Government policies about healthcare are a key determinant of whether a business will succeed or fail. Healthcare spending per capita differs dramatically from country to country, and the quality provided doesn’t always reflect the price paid. For example, the US spends more on healthcare than almost any country in the world, yet the quality of healthcare provided ranks lower than in the UK and Germany, which both spend much less (Display).
Policy decisions can make the difference between life and death, by determining which costs and treatments are covered. Around the world, healthcare systems are feeling the strain of rising costs, and workers are responsible for meeting more healthcare costs. At the same time, demand from emerging economies is growing, and spending is likely to increase amid efforts to upgrade the quality of healthcare. These trends will reshape price points for treatments, technology and services.
Taking these three forces into consideration, investors can evaluate a healthcare business. In our view, innovative healthcare companies that are positioned for long-term success amid pricing pressures and shifting policy sands should demonstrate the following attributes:
- High or improving returns on invested capital (ROIC)
- Strong reinvestment rates
- Healthy balance sheets
- Businesses with durable competitive advantages
Be wary of companies that pursue earnings growth at the expense of profitability. Highly acquisitive companies should also be scrutinized closely, especially if they have a lot of debt and/or sales concentrated in a small group of products. And companies that rely on a single successful drug test to drive future growth should be handled with extreme care, in our view.
Intuitive Surgical is a good example of a company that scores high on our criteria. The company is a leader in medical robotics, with proven technology in an industry that has high barriers to entry for competitors. Global adoption of robotic surgery is increasing, with about 1 million procedures performed in 2018, a year-over-year increase of 18%. And Intuitive Surgical’s strong ROIC provides it with the financial means to self-fund its expansion, as well as new opportunities in areas such as natural orifice surgery, which reduces the risk of procedures and doesn’t create scarring.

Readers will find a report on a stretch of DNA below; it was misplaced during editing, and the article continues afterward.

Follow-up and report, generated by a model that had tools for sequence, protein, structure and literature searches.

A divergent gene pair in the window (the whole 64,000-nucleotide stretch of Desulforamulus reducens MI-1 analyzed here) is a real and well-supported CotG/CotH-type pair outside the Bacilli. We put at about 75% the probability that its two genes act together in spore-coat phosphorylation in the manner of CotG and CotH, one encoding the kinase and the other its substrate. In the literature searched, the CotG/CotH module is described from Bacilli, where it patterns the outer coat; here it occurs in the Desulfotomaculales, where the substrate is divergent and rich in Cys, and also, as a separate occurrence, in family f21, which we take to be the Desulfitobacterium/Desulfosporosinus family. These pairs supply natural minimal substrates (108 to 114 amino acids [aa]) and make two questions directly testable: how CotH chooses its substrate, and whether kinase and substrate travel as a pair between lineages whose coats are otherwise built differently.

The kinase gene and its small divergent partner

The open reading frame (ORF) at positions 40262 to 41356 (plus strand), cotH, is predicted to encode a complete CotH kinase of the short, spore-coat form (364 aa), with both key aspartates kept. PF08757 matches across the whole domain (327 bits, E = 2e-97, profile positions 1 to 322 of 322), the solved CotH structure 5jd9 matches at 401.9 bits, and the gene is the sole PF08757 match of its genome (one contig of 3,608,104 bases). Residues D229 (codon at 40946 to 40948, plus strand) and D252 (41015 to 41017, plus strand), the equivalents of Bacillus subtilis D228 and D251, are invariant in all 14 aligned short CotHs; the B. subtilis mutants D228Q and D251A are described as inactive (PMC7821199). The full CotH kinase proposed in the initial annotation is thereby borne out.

In contrast, we believe that drug distributors and hospitals are often problematic investments. For many drug distributors, pricing models are unsustainable, as companies charge based on the value of the cargo, contrary to pricing models for other distribution companies, that price based on size, weight and distance travelled. Hospitals are also facing pressure on profitability as new technological advances pull patients away from hospitals for many types of treatments.
Investing effectively in healthcare stocks requires a unique set of skills. It’s not about scientific insight. By applying a disciplined investment process that integrates the diverse factors that affect healthcare businesses, investors can access sources of strong return potential that can invigorate an equity portfolio for the long term.
Vinay Thapar is Portfolio Manager and Senior Research Analyst—US Growth Equities and International Healthcare Portfolio at AllianceBernstein (AB)
The views expressed herein do not constitute research, investment advice or trade recommendations, do not necessarily represent the views of all AB portfolio-management teams, and are subject to revision over time.